Columbian Home Products also works hand in hand with
retailers to develop merchandising programs designed to
attract their Hispanic clientele.
“Our retailer presentations include plan-o-grams to
suggest methods to enhance the product merchandising
and point-of-sale materials,” Jarzembowski says, point-
ing out that the company participates in demos to show-
case select products and recipes and works with retailers
to escalate key SKUs during seasonal periods. “Tamale
pots are a good example of a category that is moved to
endcap and cross-promotional areas during November
One must-have product—no
matter the shoppers’ countries
of origin—is a caldero. Similar
to a Dutch oven, a caldero
is a cooking pot Hispanic
IMUSA describes as
“the one cooking vessel
to every Latin household,”
one that is “viewed as the most
treasured item in a Latin kitchen.”
Jarzembowski concurs: “Certain functional pieces will
never lose their necessity, such as tamale steamers, rice
pots, enchilada pans and even avocado cutters.”
But there are nuances retailers should understand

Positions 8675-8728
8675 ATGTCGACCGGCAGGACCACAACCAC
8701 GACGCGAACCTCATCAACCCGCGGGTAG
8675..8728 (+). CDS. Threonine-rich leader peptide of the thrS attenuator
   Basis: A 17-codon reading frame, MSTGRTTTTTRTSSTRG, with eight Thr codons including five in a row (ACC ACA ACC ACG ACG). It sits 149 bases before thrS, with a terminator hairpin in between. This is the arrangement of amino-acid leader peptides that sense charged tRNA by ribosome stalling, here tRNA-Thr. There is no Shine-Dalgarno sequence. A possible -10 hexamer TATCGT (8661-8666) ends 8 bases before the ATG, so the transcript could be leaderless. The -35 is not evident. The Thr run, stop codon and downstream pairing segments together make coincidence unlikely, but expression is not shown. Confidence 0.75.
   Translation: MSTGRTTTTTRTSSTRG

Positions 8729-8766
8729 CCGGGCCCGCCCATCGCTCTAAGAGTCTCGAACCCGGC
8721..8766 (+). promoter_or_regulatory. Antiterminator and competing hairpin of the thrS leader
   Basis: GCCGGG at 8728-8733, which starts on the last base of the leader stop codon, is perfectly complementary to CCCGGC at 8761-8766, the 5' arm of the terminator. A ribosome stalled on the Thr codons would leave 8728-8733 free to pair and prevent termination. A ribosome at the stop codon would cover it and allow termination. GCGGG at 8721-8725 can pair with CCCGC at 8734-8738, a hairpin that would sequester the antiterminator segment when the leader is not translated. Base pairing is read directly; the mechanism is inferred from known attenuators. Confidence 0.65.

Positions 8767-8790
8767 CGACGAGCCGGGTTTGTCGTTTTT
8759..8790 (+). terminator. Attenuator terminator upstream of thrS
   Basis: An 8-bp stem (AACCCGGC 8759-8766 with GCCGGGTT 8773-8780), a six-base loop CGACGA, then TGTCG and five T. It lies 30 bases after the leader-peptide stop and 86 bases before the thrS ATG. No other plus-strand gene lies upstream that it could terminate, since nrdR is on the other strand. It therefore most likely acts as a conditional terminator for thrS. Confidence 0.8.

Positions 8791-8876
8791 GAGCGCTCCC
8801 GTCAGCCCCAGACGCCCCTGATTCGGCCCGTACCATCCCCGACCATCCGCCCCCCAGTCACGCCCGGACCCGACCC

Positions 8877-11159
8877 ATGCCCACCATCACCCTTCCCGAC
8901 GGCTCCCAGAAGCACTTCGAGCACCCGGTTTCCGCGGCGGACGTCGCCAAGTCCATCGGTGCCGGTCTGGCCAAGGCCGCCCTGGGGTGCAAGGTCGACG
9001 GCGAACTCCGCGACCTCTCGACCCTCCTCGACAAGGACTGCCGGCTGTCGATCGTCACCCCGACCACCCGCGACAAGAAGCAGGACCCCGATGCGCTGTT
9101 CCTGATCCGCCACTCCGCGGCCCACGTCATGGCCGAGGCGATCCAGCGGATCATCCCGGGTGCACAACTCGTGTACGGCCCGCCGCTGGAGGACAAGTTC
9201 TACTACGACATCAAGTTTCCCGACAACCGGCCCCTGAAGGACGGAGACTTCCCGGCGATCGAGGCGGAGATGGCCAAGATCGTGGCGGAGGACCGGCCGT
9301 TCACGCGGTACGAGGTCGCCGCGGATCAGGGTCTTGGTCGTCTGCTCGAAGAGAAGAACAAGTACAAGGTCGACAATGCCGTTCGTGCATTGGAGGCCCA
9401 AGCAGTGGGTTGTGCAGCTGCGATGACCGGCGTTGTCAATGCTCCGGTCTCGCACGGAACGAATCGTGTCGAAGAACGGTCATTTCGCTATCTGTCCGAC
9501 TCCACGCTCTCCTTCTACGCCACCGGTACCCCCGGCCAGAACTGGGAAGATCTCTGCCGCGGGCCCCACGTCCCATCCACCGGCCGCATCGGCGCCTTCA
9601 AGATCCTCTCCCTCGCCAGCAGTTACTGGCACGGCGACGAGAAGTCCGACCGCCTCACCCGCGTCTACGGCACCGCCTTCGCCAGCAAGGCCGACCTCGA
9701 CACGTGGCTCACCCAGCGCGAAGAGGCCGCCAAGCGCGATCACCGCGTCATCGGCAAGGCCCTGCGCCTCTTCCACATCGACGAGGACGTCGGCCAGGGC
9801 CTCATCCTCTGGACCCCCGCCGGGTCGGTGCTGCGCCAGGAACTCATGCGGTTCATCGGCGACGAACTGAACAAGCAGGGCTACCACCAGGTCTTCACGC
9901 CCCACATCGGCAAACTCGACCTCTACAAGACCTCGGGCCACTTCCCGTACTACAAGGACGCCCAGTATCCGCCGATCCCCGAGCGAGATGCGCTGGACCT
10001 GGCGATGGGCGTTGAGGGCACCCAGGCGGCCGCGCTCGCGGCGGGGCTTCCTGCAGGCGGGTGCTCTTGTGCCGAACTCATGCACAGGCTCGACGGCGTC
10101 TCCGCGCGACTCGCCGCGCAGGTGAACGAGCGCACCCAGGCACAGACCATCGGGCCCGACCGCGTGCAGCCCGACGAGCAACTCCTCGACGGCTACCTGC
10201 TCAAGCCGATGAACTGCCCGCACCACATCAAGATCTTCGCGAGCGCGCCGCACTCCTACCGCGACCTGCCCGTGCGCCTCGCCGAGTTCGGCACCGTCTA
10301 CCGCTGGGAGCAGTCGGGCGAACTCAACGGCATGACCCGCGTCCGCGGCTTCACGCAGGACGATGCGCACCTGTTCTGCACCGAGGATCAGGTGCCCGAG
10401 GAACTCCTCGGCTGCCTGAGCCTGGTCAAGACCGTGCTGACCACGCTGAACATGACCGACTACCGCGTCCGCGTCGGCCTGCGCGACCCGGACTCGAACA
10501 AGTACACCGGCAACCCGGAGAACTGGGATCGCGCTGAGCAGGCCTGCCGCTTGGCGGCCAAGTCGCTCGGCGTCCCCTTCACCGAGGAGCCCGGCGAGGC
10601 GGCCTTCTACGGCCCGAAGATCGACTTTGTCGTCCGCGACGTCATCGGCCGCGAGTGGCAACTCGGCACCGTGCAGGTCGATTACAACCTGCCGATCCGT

before creating a housewares lineup.
Hispanics from Cuba, Puerto Rico and the Dominican
Republic like espresso, while those from Mexico typically
do not; those from the Dominican Republic prefer gas-and not electric-based pressure cookers; and Hispanics
generally don’t like cooking with nonstick fry pans, Pomeranc says. “Hispanics fry 80% of what they cook, so that
impacts the design, the shape of what they need,” he says.
The pan must be able to heat to high temperatures immediately, and to turn out food that is clearly browned—
something nonstick cookware doesn’t necessarily do.
Ultimately, it’s up to each individual retailer to determine how important it is to reach Hispanic shoppers in
their market area, and then to create a merchandising
plan that makes sense within the area the store serves.
“Understanding the difference in the demographics,”
Pomeranc of MBR Industries says, “will help you know
what to do.”